Nicole Miller and Joan Jett Ran Away in 1991


The Runaways is out this week, inspiring teenagers everywhere to re-dedicate their lives to studded belts and leopard-print scarves. Nicole Miller has some better ideas. In 1991, Interview set up Joan Jett and Nicole Miller in discussion to compare the busy worlds of music and fashion. On this occasion Nicole Miller even promised to make Joan Jett of The Runaways an outfit. Check out the rest of our interview:

NICOLE MILLER: It’s been a crazy morning.

JOAN JETT: Already?

NM: Yeah the phone hasn’t stopped ringing.

JJ: Yeah, really.

NM: I didn’t think I knew so many people. So is your album all done yet?

JJ: Basically. Some of the lyrics aren’t quite right, so we keep adjusting them.

NM: Yeah. But are the songs all mapped out? This late in the game you’re not going to drop anything, are you? Or would you drop a song and put a new one in if you got a great idea at the last minute?

JJ: Yeah, that could always happen. I’m more into adding songs, though. We record upward of fifteen and pick ten or so that work best.

NM: It’s amazing how much putting albums together is like organizing a fashion show. For my recent show we have everything planned, and then at the last minute I had an idea. We put a new group together in, like, two weeks, and it ended up being the best one in the show. Does that ever happen to you—your last-minute inspiration ends up being your favorite.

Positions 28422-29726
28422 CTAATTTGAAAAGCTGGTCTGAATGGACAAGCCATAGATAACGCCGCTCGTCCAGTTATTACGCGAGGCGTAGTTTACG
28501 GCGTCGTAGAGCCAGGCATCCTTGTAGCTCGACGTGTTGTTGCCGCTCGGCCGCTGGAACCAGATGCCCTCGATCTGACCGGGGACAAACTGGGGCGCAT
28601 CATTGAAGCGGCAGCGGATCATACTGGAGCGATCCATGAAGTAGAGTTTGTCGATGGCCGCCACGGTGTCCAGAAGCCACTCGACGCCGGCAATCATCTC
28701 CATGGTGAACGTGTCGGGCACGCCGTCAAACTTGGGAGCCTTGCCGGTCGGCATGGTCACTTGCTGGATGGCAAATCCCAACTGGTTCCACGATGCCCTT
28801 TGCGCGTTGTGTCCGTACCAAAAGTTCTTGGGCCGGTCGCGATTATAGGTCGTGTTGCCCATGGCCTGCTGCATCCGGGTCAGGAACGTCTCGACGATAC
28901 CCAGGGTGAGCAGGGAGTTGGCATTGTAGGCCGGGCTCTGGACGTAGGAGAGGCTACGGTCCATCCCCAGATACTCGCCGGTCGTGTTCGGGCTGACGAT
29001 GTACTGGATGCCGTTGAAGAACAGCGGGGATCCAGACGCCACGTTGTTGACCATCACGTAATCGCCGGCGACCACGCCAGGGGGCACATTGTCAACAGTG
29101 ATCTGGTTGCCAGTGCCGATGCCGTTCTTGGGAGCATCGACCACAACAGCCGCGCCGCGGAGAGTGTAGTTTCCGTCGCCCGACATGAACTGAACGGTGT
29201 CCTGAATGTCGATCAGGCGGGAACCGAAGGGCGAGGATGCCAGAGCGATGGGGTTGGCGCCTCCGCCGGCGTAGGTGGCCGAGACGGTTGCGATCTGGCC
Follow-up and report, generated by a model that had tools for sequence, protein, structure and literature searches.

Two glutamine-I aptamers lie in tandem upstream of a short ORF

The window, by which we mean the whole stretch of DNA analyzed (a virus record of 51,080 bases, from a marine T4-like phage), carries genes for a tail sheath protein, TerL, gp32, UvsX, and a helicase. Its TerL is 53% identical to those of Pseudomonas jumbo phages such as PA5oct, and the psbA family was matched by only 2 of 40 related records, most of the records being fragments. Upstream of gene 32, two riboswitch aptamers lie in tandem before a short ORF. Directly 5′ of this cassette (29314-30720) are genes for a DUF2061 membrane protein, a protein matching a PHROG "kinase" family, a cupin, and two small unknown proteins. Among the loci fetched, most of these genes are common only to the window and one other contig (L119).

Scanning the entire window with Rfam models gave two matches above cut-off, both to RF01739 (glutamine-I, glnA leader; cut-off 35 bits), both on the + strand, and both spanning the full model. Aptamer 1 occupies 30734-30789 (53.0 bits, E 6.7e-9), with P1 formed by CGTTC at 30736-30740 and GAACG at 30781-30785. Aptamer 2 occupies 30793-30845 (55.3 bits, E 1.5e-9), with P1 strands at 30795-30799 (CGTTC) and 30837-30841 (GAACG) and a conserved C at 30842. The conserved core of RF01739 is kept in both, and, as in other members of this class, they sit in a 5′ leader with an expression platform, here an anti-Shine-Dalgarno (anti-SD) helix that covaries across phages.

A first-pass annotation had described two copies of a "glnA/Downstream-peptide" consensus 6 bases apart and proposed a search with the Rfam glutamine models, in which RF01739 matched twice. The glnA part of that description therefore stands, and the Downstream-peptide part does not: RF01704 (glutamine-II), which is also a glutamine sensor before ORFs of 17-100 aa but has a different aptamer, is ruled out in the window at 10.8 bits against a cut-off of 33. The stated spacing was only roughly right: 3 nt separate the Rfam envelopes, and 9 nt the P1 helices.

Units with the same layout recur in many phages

JJ: Oh, a lot of times. But I never feel the pressure of having to finish a song by a certain deadline because I’ll always do another album. You never wanna waste anything that’s good.

NM: How long has it been since your last album?

JJ: It’s been about a year and a half since The Hit List, which was a whole album of other people’s songs. So on the new record, everything is gonna be original.

NM: That’s great. Have any favorites yet?

JJ: A lot of it depends on how a song comes out live. When we’re recording, we do unannounced concerts and put some of our new songs into the shows to see how the audience responds. It keeps us in shape.

NM: So that’s your research and development. Sometimes, when I love something I’ve designed, I’ll wear it when I go out. If nobody pays me any compliments, I’ll get totally disillusioned and scratch it. Do you have anxiety like that?

JJ: No, but I’m anxious to get this album done, because I thrive on being onstage. Not that I don’t have fun in the studio, but I live for being on tour.

NM: Performing must be really exhilarating.

JJ: It really is. Even though you know the outline of what goes on, each audience is different, and you get an energy from them that is indescribable. People ask, “Don’t you ever get bored of singing ‘I love Rock ‘N Roll’ two thousand times?” The answer is no. It’s always new because we go to strange places. And I still get nervous. I guess you must get scared before fashion shows…

NM: Terrified. Terrified.

JJ: I saw you at your last show. At the end you weren’t out there for even two seconds on the runway, taking a bow. It was like, “Hi, I’m outta here.” You were dragging the models off the floor.

NM: Yeah. But you’re used to all the cheering. It’s part of the whole thing. My performance goes on on its own, and I just come out afterward.

JJ: I don’t think of the audience as cheering for me. I think of it as cheering for the music or for the band. Because basically I’m a very shy person. It’s weird to have this job because it’s like being an exhibitionist, which I’m not at all.NM: Yeah, I know you’re not. So do you feel like you’re a different person when you perform?

JJ: No. I think I have different sides to me personality. My work is very athletic. I love to just sweat and run around and do things that people don’t usually see girls doing.

NM: I’ll have to make you an outfit to appear onstage in something really special.

JJ: Yeah, definitely.

NM: O.K., I’ll give you a call and we’ll do that. Bye.